Who's Your Doctor? - Thoughts on determining version of a character you want to work with
Bag of Holding -  Tools, props, and altar swag


  1. Have you worked with Maleficent?

  2. Also, how do you work with characters that antagonize themselves? I even feel dirty and hypocrite working with a Villain and the following day attempting to work with a Hero? I almost feel like the Hero is turning his/her back on me as soon as I knock in their door lol

    Wodnerful blog BTW

  3. I haven't worked with Maleficent specifically, though I've considered it. I don't really know her well enough to work with her.

    I haven't really had a problem working with villains one day and heroes the next. Then again, I avoid working with direct antagonists (I wouldn't try working with Batman one day and Poison Ivy the next) and rarely work with straight up evil villains (I prefer the morally ambiguous ones).

    I think it would also depend on what you were doing with the villains - I wouldn't try to sling a hex with Ursula one day and then call on Captain America the next because he'd probably refuse.

    I tend to limit my work with villains to very specific tasks in order to utilize their strengths without falling prey to their weaknesses or getting too much psychic sludge on me. I could certainly see working more extensively with a villain that you have a special kinship with, but you'd have to be very careful how much influence on your thoughts and actions you allow them to have - just like with any other entity. Working with villains is a lot like working with dark faeries - it's great if you're extremely careful but it's easy to get in over your head.

    1. Hello, Emily. Thanks for replying. You are a very kind.

      Well, I´m trying pop culture magick so this is how I found your blog. It´s wonderful. I feel the connection with the chracter is stronger if I derive them from pop culture. They speak to me. But as much as I like throwing myself into things I also like to step back for a moment a assess myself and what I am doing.

      I have a very strong kinship with Maleficent. It almost comes spontaneous because I love the character. I tried working with her, I got results but now I want to tread carefully on how to do it, how much and for what and why I´d like to work with her, for example. I like your observations about how one must avoid getting too much psychic sludge, or avoid if possible using direct antagonists. One thing that you said that caught my eye was your observation about working with dark faeries.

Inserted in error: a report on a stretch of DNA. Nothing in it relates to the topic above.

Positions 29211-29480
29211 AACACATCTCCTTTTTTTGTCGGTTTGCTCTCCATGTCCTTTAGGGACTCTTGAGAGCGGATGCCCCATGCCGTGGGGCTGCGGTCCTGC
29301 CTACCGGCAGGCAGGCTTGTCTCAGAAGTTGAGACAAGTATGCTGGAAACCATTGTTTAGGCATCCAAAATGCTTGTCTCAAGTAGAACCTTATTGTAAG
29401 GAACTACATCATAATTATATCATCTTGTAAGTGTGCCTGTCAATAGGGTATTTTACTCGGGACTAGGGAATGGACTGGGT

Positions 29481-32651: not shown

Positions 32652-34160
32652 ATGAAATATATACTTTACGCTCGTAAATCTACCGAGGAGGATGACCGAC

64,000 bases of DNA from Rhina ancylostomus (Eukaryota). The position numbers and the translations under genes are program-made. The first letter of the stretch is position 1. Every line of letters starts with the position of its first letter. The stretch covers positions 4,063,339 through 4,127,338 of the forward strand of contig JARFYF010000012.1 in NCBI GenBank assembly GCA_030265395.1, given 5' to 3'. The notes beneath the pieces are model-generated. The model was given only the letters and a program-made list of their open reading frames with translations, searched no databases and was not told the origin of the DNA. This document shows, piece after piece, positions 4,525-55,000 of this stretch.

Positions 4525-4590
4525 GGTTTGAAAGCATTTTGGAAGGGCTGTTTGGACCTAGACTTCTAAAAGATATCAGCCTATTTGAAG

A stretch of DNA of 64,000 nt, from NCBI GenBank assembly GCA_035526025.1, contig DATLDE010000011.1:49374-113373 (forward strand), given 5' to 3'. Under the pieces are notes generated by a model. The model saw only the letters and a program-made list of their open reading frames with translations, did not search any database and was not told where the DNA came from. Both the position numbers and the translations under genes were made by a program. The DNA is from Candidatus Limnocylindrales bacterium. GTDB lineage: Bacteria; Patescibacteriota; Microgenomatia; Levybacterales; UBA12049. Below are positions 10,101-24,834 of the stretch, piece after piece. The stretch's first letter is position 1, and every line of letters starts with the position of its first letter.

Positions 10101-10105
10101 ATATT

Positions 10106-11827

I have never worked with faeries, let alone dark ones, so I was wondering if you could point me to resources to learn about what is it like to work with them? And/or could you elaborate on the comparison between dark faeries and villains just a little bit more and how can one be careful? I assume not be very trusting, keeping some barriers around you and the people you care, not letting them override your willpower or decisions, etc.

      Your input is much appreciated as well as your time, of course. Thank you very much. Have a nice day.

  4. Check out Edain McCoy for books on working with faeries. She's quite good. You can check out "Dark Faeiries" by Bob Curran for general information on dark fae, though not how to work with them.

    I liken working with villains to working with dark fae because they are both fundamentally dangerous and generally lack sympathy for the majority of humanity. It's rarely a "good" idea to work with either, though I feel compelled to do so anyway. Both dark fae and villains are more likely to try and trick you, twist your words, or generally make your work more difficult than it has to be. However, if you manage to actually earn their trust and mutual respect they can be incredible allies. It is much, much harder to do this with an antagonistic being than a friendly one.

    If you want to work with any particular villain, like Maleficent, I recommend developing a strong relationship of mutual respect before doing any major magickal workings. Get to know her personality and what types of tricks she may pull, then you'll now whether to trust in her aid when you need it.